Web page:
Keywords: General Manufacturing,Textiles, Apparel&Leather Industry,Business Cycles and Stabilization Policies,Pulp&Paper Industry,Construction Industry,Plastics&Rubber Industry,Common Carriers Industry,Food&Beverage Industry,Intellectual Property Rights,Legal Products,Common Property Resource Development,Social Policy,Regulatory Regimes,Legal Reform,Judicial System Reform,Legislation,Real&Intellectual Property Law,Trade Law,Foreign Trade Promotion and Regulation,Investment and Investment Climate,International Trade and Trade Rules
    Date: 2021–05–24
  5. By: Abdulla, Eman (Department of Economics, University of Warwick); Lim, King Yoong (International Business School Suzhou, Xian Jiaotong-Liverpool University); Morris, Diego (Nottingham Business School, Nottingham Trent University); Saliba, Faten (International Monetary Fund)
    Abstract: This paper examines the nexus between gender equality, climate change, and innovation at the firm level. Based on three hypotheses derived from a novel theoretical framework linking climate change and gender equality to within-firm innovation activities, we use a cross-section dataset of 87, 996 firms across 36 industries in 103 countries, surveyed across different waves during the 2010-2020 periods to implement an instrumental variable strategy and show that environmental policies unambiguously induce firm-level process and product innovation, through its influence on the endogenous bargaining power of women in society and firms. We document that female productivity has both a direct effect on innovation (0.1-1.3% increase in the likelihood of innovation) and an indirect effect (serving as the intermediation for the environment-innovation nexus). Contrarily, greenhouse gas emissions by themselves have an ambiguous effect on innovation. The type of greenhouse gas emissions and the measure of innovation both contribute to this ambiguity. Overall, our results show that it is not the physics of climate change that induces innovation but rather the countervailing human responses to policies that mitigate climate change that stimulate innovation.
    Keywords: Climate change ; firm-level analysis ; gender equality ; innovation. JEL Codes: D24 ; J16 ; L25 ; O32 ; Q58
    Date: 2022
  6. By: Jeremiah Dittmar; Ralph R. Meisenzahl
    Abstract: We examine the role of universities in knowledge production and industrial change using historical evidence. Political shocks led to a profound pro-science shift in German universities around 1800. To study the consequences, we construct novel microdata. We find that invention and manufacturing developed similarly in cities closer to and farther from universities in the 1700s and shifted towards universities and accelerated in the early 1800s. The shift in manufacturing was strongest in new and high knowledge industries. After 1800, the adoption of mechanized technology and the number and share of firms winning international awards for innovation were higher near universities.
    Keywords: industrialization, invention, universities, cities
    Date: 2022–06–30
  7. By: Aga,Gemechu A.; Campos,Francisco Moraes Leitao; Conconi,Adriana; Davies,Elwyn Adriaan Robin; Geginat,Carolin
    Abstract: Firm capabilities—the abilities and practices to operate and innovate—are considered important drivers of firm performance. While the analysis of their importance is well established in developed countries, its study in the African context is more recent. The paper uses a new representative sample of enterprises in Mozambique comprising data on management and organizational practices, as well as skills, to study the importance of firm capabilities in Mozambique. The analysis suggests that the private sector in Mozambique scores below other developing countries in all dimensions of firm capabilities. Enterprises engaging in more contractual relationships demonstrate stronger firm capabilities. Firm capabilities are key drivers of performance; controlling for other input factors, firms in Mozambique with better firm capabilities perform better. The relationship is robust to various measures of performance and to including various firm and manager characteristics. The analysis finds that for smaller firms, non-exporters, and female-owned enterprises, their gap in business performance can be explained by differences in management practices. The results suggest Mozambique should explore mechanisms of expanding firm capabilities in targeted types of firms.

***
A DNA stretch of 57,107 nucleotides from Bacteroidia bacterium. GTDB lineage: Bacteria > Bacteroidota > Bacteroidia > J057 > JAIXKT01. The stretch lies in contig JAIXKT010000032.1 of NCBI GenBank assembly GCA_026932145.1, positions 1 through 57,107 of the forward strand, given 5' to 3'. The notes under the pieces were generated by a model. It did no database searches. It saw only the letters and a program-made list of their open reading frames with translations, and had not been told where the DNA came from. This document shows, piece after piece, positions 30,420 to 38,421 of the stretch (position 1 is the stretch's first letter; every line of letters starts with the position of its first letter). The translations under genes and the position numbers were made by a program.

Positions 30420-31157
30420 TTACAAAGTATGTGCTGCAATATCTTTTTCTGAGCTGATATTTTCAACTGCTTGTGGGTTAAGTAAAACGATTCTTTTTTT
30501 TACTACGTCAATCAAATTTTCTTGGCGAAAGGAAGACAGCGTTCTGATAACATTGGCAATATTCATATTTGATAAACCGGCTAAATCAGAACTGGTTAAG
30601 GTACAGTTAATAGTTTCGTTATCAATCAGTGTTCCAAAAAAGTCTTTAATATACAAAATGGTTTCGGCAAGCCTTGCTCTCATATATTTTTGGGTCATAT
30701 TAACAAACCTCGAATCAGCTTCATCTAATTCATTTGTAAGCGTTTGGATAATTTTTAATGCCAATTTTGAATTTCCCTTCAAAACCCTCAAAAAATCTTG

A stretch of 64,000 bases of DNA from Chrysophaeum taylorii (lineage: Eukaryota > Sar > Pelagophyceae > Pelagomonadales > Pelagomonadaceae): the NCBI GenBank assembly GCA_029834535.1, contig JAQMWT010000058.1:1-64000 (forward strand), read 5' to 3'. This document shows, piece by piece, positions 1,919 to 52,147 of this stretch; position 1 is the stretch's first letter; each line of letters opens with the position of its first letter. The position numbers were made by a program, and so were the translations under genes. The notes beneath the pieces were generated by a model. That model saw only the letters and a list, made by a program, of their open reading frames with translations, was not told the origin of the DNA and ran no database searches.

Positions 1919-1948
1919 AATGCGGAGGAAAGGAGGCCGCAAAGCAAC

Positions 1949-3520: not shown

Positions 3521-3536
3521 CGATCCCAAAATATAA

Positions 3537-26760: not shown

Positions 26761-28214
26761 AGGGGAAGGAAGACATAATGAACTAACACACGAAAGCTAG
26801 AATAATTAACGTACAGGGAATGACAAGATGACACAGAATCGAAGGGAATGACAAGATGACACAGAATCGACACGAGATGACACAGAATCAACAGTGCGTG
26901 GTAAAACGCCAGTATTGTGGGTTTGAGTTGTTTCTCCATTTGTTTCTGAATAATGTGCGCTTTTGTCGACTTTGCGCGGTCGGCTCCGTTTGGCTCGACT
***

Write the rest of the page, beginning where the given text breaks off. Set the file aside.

Keywords: Common Carriers Industry,Food&Beverage Industry,Pulp&Paper Industry,Plastics&Rubber Industry,Business Cycles and Stabilization Policies,General Manufacturing,Textiles, Apparel&Leather Industry,Construction Industry,Educational Sciences,Financial Sector Policy,Hydrology
    Date: 2021–06–30
  8. By: Olatunji A. Shobande (University of Aberdeen, UK); Lawrence Ogbeifun (University of Mississippi, USA); Simplice A. Asongu (Yaoundé, Cameroon)
    Abstract: This study explored whether globalisation and technology are harmful to health for a global panel dataset of 52 countries for the period of 1990–2019. The study focused on four continents: Africa, the Americas, Asia/Oceania, and Europe. We used four advanced econometric methodologies, which include the standard panel fixed effect (FE), Arellano-Bover/Blundell-Bond dynamic panel analysis, Hausman-Taylor specification, and Two-Stage Least Squares (FE-2SLS)/Lewbel-2SLS approach. Our empirical evidence highlights the significance of globalisation and technology in promoting global health. Our findings are not only of interest because it suggests that globalisation has varied impact on global health indicators, but they indicate that technology is useful in tracking, monitoring, and promoting global health. In addition, our empirical evidence indicates that a truly health-centered process of globalisation and technological innovation can only be realised by ensuring that the interests of countries and vulnerable populations to health risks are adequately considered in international decision-making regarding global economic integration. We suggest that achieving the aspiration of global health will entail the use of globalisation and information technology to extend human activities and provide equal access to global health.